Let us begin by addressing primary levels of education, as it is a chain only as fortified as its weakest link. In the United States, the redesigning of education systems will not and cannot happen overnight; it needs slow implementation to avoid culture shock and the disastrous effects it could have on a growing population of young professionals in the future. I just learned that a bachelor's degree is becoming about as useful as a high school diploma as if that was warming news graduating into a broken economy. However, it is worth discussing the mandated course material currently present in our primary education systems, as experienced by me and every other disgruntled college student. A primary school in the U.S. desperately underprepared its citizens in ways nearly impossible to believe it was not set up in ways to forcefully stunt us. Female healthcare, comprehensive sex education? Most students, unless you come from a particularly open-minded background, have not even begun to scratch the proverbial surface. Sex education and women’s healthcare in particular are learned through the retellings of stories through our closest friends and family members and we all understand how those closest to us can get swept up in the dramatics of a good story. The education on these matters is not objective or comprehensive.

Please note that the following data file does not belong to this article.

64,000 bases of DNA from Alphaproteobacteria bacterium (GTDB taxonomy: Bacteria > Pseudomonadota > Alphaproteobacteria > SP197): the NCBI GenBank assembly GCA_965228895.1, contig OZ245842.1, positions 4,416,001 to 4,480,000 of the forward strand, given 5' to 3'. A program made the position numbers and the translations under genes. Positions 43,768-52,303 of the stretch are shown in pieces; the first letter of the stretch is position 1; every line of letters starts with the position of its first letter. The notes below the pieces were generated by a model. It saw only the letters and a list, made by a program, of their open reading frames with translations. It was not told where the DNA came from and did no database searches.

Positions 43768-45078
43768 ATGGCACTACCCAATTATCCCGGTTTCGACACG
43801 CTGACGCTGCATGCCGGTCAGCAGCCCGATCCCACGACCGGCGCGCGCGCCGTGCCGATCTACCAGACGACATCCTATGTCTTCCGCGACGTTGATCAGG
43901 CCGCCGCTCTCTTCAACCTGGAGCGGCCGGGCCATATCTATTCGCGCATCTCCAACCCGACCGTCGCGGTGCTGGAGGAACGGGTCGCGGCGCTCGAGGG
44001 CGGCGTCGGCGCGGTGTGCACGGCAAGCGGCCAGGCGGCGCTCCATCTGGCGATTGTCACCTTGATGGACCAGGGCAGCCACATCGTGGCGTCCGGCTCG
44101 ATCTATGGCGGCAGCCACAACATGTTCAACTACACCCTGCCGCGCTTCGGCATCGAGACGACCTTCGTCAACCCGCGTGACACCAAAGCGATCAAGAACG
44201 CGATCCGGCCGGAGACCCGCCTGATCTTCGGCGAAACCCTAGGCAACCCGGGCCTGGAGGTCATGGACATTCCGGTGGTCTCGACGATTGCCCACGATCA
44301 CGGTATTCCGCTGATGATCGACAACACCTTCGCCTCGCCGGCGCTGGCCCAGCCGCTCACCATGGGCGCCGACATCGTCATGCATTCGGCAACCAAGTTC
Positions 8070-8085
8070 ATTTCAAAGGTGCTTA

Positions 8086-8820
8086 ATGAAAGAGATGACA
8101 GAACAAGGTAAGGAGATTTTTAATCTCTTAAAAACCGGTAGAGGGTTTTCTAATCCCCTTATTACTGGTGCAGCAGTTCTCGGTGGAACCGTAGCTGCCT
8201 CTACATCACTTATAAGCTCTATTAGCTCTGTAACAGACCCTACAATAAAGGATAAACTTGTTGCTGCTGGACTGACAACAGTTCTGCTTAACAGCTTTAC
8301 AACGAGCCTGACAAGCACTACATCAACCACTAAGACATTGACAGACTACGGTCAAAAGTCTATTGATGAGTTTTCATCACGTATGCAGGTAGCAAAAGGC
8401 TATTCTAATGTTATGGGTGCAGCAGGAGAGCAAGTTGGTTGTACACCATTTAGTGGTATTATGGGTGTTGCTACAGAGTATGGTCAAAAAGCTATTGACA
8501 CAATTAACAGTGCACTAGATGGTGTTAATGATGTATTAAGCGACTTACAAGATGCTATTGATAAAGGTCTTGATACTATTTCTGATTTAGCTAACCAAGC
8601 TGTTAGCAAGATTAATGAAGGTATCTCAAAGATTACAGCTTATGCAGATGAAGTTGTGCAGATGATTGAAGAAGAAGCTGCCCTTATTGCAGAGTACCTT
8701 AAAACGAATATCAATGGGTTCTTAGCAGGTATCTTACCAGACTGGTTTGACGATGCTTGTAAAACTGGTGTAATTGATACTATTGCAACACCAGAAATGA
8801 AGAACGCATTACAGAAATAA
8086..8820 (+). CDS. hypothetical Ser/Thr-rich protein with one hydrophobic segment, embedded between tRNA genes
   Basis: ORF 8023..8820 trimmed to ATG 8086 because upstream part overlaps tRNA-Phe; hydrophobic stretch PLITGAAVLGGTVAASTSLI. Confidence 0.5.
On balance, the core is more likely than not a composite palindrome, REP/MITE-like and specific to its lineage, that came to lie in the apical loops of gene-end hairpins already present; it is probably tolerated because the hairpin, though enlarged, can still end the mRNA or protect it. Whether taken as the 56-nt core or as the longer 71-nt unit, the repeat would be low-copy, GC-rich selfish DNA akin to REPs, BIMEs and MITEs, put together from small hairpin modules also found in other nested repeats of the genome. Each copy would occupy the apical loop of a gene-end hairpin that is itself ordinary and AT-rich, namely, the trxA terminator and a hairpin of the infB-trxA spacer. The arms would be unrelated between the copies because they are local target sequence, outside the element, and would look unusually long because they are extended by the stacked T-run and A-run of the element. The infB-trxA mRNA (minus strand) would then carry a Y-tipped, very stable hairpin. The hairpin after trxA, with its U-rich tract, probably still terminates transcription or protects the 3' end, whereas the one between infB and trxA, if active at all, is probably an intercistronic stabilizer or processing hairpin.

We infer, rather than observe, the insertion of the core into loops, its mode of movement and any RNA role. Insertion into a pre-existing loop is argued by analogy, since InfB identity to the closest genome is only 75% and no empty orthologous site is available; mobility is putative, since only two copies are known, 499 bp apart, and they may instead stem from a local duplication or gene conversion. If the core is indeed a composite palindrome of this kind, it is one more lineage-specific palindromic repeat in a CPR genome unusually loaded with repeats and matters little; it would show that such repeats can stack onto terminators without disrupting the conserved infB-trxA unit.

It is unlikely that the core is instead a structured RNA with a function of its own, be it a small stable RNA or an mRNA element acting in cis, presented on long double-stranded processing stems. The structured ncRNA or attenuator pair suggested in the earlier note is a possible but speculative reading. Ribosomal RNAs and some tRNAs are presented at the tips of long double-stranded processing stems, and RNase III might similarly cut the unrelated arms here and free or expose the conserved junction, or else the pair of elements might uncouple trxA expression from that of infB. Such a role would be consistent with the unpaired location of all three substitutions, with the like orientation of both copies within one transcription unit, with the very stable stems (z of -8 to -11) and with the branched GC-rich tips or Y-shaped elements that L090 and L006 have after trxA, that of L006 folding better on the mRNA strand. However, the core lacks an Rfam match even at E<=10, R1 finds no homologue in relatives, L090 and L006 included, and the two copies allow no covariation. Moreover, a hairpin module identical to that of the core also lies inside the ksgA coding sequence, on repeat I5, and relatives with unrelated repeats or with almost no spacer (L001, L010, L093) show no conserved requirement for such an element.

Some statistics for your leisure (Source: Planned Parenthood https://www.plannedparenthoodaction.org/issues/sex-education/sex-educati...

• Only 15 states in the U.S. require Sex Ed. to be medically accurate.

• 37 states mandate abstinence be included in the curriculum.  

• Only 18 states mandate birth control be mentioned in the course. 

• Only 9 states require that LGBTQ identities be presented in an affirming, safe manner, if at all.